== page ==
Fingerprinting Fine-tuned Language Models in the Wild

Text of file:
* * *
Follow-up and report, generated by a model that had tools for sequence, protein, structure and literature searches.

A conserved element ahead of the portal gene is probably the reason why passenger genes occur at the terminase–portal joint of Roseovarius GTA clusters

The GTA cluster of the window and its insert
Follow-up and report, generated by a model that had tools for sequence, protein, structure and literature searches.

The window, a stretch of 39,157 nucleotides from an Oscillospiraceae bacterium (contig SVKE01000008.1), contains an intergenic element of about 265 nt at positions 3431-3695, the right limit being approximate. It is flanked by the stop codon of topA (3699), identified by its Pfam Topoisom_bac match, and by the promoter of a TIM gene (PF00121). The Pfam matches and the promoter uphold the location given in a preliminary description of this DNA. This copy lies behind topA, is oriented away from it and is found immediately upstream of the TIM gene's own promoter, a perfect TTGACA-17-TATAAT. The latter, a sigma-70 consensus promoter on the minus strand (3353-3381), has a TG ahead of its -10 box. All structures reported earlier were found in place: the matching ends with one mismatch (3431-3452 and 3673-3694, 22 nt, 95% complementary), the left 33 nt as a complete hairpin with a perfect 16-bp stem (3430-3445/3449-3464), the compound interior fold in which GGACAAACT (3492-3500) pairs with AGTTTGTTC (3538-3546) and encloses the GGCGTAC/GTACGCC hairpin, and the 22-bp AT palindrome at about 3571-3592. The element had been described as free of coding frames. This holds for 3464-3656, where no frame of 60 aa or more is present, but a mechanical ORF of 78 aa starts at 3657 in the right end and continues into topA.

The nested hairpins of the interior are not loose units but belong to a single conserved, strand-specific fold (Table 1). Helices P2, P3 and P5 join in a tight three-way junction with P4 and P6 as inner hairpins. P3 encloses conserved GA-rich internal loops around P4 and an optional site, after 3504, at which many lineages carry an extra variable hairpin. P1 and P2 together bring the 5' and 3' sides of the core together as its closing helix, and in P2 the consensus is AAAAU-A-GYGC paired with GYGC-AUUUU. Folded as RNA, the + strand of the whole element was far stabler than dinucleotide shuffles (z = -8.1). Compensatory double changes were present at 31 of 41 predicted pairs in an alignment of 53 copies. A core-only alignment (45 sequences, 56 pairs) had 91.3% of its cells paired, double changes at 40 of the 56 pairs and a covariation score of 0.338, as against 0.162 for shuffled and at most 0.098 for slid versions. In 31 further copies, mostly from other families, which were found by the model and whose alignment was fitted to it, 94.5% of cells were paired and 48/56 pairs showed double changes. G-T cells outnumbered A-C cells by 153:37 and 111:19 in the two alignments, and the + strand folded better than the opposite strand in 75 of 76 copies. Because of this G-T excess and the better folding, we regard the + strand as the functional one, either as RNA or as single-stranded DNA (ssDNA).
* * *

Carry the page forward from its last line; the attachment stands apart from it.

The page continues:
There are concerns that the ability of language models (LMs) to generate high quality synthetic text can be misused to launch spam, disinformation, or propaganda. Therefore, the research community is actively working on developing approaches to detect whether a given text is organic or synthetic. While this is a useful first step, it is important to be able to further fingerprint the author LM to attribute its origin. Prior work on fingerprinting LMs is limited to attributing synthetic text generated by a handful (usually < 10) of pre-trained LMs. However, LMs such as GPT2 are commonly fine-tuned in a myriad of ways (e.g., on a domain-specific text corpus) before being used to generate synthetic text. It is challenging to fingerprinting fine-tuned LMs because the universe of fine-tuned LMs is much larger in realistic scenarios. To address this challenge, we study the problem of large-scale fingerprinting of fine-tuned LMs in the wild. Using a real-world dataset of synthetic text generated by 108 different fine-tuned LMs, we conduct comprehensive experiments to demonstrate the limitations of existing fingerprinting approaches. Our results show that fine-tuning itself is the most effective in attributing the synthetic text generated by fine-tuned LMs.

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